The mooring itself is now well under water, making it difficult to get to the boat and keep the ropes flexible enough to allow Indigo Dream to rise with the river but tight enough to prevent her from drifting away! If the river rises much more then we’ll need some DIY to add extra height to the mooring posts – that’s what the boat behind us has done. A local building site has also helped out with scaffold poles and the Coumcil came out to install flood poles on the other bank

The other option is to see if we can get back to the mooring upstream of Goring Lock – this means cruising a few miles downstream on red boards. Of course, it’s not just the flow (there’s plenty of that on the tideway), it’s the debris being swept downriver, the limited width/headroom at some of the bridges and the lack of easily accessible help (on the tideway you have Thames VTS, other river traffic, lifeboats and police boats, and, of course, the VHF radio so that you can let people know you’re in trouble). (Sue watches disaster movies).

I think it’s a difficult choice, but Richard is up for the excitement of a white knuckle ride downriver…

But whatever happen to the boat this weekend, I won’t be part of it. Lou became very ill indeed on Wednesday and subsequent investigations (involving a 2-night stay at the royal vet college hospital in Potters Bar) have shown that she has a large tumour in the back of her throat. He prognosis depends entirely on what type of tumour it is – we should get the biopsy results on Tuesday.

In the meantime she is at home where she belongs, but is in need of a lot of TLC. She is having difficulty swallowing and is very reluctant to eat – she needs to be hand-fed little bits of soft food no more than around 3mm across and we need to make sure that she gets enough to drink. They had to pull her already painful joints around to get her into position in the CT scanner – this has left her in extreme joint/muscle pain which is making her reluctant to get up to drink etc.

There is so much to fret about this week that I can’t manage it all so I have delegated worrying about the boat to Richard and I’ll keep all my worry for Lou (leaving some to spare for the other hounds!)….

Saturday 5th May

We had been watching the downstream levels at Benson Lock via the Environment Agency’s web site, they said that levels had dropped by 200mm so Richard went up to the boat this morning with the intention of moving downstream to Sonning or perhaps further. First bad sign was finding that the car park near the moorings was flooded, next bad sign was that water was still a few inches higher then it had been on Tuesday, the final straw was that the water was running as fast as Richard could walk along the bank, well walk until he did not notice where he was walking and came to an abrupt halt. Verdict for today: Lets see how water levels are tomorrow!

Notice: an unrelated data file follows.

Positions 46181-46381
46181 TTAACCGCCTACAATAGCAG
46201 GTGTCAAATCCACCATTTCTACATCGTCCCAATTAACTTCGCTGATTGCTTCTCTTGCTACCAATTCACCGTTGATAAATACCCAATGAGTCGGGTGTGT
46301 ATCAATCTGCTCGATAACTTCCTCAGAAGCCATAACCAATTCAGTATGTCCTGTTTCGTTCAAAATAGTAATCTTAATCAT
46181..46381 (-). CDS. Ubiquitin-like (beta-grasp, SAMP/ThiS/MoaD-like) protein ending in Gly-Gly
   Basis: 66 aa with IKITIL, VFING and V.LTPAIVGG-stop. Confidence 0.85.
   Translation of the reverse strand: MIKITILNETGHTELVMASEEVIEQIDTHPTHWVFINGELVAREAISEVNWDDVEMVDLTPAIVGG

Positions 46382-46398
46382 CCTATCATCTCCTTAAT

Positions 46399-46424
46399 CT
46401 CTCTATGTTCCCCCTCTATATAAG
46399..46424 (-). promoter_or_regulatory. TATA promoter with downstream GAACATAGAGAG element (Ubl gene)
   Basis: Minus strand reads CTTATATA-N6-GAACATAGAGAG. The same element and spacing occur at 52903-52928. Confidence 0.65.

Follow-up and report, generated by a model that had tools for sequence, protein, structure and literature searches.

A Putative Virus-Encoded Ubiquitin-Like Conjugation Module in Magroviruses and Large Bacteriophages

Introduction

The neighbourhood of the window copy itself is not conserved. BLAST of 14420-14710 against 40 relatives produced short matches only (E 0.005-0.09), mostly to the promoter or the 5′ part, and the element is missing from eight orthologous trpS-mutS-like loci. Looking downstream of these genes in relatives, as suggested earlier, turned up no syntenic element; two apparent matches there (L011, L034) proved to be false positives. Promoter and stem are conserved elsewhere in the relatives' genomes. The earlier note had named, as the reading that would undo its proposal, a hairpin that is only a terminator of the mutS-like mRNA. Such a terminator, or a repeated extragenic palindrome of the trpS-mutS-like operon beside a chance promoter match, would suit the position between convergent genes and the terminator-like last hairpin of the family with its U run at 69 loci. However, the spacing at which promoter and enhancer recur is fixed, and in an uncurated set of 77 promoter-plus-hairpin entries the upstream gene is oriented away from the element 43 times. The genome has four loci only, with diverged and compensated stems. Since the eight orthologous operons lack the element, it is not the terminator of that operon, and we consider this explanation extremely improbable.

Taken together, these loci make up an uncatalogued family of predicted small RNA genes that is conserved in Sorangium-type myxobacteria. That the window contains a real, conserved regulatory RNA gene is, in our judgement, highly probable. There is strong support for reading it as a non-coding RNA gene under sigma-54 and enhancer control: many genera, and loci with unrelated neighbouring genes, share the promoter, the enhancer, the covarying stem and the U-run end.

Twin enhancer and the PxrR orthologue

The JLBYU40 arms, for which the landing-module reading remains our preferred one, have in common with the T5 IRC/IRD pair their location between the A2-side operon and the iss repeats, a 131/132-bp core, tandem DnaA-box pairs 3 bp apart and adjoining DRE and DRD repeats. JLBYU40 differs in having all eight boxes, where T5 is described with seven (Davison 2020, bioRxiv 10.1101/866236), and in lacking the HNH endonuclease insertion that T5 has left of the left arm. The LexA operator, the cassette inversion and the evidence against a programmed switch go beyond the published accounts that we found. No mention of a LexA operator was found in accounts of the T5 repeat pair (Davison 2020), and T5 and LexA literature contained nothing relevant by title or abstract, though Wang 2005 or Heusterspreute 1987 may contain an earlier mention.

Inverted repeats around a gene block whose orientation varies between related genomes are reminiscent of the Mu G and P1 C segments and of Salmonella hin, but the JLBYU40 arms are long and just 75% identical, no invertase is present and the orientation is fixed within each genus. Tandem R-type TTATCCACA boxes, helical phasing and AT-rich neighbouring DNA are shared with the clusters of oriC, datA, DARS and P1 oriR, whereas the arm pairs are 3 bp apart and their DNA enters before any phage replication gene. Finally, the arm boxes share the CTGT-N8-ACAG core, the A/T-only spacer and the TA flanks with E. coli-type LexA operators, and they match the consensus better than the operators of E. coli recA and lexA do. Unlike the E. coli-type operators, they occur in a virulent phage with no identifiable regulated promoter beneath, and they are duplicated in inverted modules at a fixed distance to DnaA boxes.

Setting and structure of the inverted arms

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Boat Blog: Micro-odyssey Day 5

Posted by indigodream on 4 May, 2012

Sunday 22nd April

Note: Still over a week behind but catching up!

This doesn’t surprise me at all – well worth a visit!

It’s been a busy few weeks and by Friday night we realised that we had reached the end of our tethers, tanks on empty, in other words, totally knackered!

So on Saturday we decided to stay at home and have an undemanding potter around – the lockie at Goring was very obliging when we rang to request an extra night’s mooring. It’s nice being on the lock moorings – our boat is not the lockie’s responsibility, but it’s good to know that the mooring is secure and that there’s someone to keep an eye out for any problems.

But on Sunday we thought we should move – we played a familiar game – I didn’t want to be the one to suggest that we didn’t move, so I was hoping that Richard would say “let’s leave the boat where she is for another week” (as it turns out this would have been a great idea but more on that next time!). In the meantime, Richard had hoped that I would say “lets not go”.

So it was that we went to the boat, and I was glad that we did. I had forgotten how lovely it is at Goring lock, surrounded by a picture-postcard village and a scenic weir, all against the great green backdrop of the surrounding hills. Indigo Dream had been fine on her moorings – we paid the lockie for the extra night, got rid of our rubbish (useful skips under the bridge) and set off. We came out just behind a hire boat that had come up the lock while we were getting ready.

Graceful road bridge just downstream of Goring lock….